British scientists want to help Mexico
Mexican beaches, so popular among tourists from all over the world, can be cleared of rotting Sargassum seaweed with the use of the “hydrothermal liquefaction” technology developed by scientists at University of Exeter (United Kingdom).
In recent years, the seaweed blooms have greatly increased due to the entry of mineral fertilizers into the Atlantic Ocean. The waves throw them on the beaches of Mexico, where they decay in the sun releasing a pungent smell.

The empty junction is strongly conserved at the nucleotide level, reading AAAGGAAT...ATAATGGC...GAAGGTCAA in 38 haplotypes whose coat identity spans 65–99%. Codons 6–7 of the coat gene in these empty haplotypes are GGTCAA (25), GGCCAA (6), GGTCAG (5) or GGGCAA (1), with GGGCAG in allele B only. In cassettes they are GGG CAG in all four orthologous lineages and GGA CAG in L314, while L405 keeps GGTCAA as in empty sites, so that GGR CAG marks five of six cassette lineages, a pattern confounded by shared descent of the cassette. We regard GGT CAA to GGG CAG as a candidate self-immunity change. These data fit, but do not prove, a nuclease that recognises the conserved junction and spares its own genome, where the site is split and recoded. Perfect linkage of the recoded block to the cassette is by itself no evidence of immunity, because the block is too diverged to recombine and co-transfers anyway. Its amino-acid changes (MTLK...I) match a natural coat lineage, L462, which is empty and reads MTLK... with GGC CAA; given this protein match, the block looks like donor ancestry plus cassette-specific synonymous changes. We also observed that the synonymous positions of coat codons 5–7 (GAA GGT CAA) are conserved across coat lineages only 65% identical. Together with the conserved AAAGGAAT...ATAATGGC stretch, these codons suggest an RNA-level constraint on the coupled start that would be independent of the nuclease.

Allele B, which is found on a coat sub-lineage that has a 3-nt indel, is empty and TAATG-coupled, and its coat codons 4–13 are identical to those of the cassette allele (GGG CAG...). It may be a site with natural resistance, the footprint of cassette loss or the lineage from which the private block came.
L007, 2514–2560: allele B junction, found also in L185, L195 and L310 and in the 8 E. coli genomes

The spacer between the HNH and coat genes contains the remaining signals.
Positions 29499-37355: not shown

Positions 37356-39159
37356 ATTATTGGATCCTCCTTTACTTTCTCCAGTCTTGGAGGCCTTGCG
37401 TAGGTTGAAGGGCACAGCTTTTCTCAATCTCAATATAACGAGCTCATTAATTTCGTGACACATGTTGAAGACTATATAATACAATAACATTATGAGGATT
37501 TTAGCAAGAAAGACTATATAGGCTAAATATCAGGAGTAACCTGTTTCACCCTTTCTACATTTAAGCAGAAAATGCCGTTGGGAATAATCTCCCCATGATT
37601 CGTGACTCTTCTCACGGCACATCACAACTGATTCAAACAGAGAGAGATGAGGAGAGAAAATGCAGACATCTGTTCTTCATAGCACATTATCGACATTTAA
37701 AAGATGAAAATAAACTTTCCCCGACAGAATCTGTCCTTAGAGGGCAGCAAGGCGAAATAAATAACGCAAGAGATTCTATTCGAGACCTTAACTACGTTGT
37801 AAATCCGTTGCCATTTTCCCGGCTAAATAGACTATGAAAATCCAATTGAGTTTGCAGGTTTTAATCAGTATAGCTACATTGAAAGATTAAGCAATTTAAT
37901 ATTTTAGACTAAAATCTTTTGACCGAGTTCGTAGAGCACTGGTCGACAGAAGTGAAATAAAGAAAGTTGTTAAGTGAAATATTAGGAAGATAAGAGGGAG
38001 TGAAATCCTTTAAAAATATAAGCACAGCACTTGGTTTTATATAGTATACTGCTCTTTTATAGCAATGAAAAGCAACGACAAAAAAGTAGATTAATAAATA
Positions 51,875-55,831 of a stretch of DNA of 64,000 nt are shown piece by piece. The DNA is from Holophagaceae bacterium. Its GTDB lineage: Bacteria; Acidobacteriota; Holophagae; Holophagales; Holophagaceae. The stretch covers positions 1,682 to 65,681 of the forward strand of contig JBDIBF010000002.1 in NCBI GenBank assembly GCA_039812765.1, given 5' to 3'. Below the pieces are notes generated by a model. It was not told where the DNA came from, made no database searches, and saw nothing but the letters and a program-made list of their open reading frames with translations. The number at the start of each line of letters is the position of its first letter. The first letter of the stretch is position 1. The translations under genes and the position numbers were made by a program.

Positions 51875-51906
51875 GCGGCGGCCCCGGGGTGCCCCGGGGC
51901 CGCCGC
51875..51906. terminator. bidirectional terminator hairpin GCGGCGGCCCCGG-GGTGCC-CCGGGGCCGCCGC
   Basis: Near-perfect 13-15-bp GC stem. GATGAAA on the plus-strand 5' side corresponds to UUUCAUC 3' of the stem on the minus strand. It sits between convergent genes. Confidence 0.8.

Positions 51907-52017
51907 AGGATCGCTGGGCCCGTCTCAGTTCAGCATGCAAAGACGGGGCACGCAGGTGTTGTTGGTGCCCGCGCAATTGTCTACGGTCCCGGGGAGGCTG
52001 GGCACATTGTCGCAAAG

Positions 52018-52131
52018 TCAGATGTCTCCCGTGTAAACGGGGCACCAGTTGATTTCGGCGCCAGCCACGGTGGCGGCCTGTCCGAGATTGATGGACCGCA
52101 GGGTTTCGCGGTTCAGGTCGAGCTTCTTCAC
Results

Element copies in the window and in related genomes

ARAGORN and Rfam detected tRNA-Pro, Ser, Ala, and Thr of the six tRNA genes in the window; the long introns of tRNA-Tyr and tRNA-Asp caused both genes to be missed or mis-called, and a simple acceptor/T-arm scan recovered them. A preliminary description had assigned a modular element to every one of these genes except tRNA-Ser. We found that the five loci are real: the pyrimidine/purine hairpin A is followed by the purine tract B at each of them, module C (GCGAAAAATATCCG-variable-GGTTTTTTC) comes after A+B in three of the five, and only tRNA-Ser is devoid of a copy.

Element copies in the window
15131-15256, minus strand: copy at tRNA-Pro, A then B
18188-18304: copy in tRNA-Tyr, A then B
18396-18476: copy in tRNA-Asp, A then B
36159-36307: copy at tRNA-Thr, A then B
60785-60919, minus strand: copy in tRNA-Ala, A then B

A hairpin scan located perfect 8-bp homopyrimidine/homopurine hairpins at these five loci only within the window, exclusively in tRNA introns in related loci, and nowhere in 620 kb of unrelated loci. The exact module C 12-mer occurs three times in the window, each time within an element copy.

“Last year, millions of tonnes of Sargassum hit the Mexican Caribbean coastline, damaging and degrading coral reefs and marine ecosystems, and decimating the local tourist industry,” said Professor Mike Allen, who is leading the fertilizer project.
The professor believes that “hydrothermal liquefaction” will turn the seaweed into biofuels and organic fertilizers.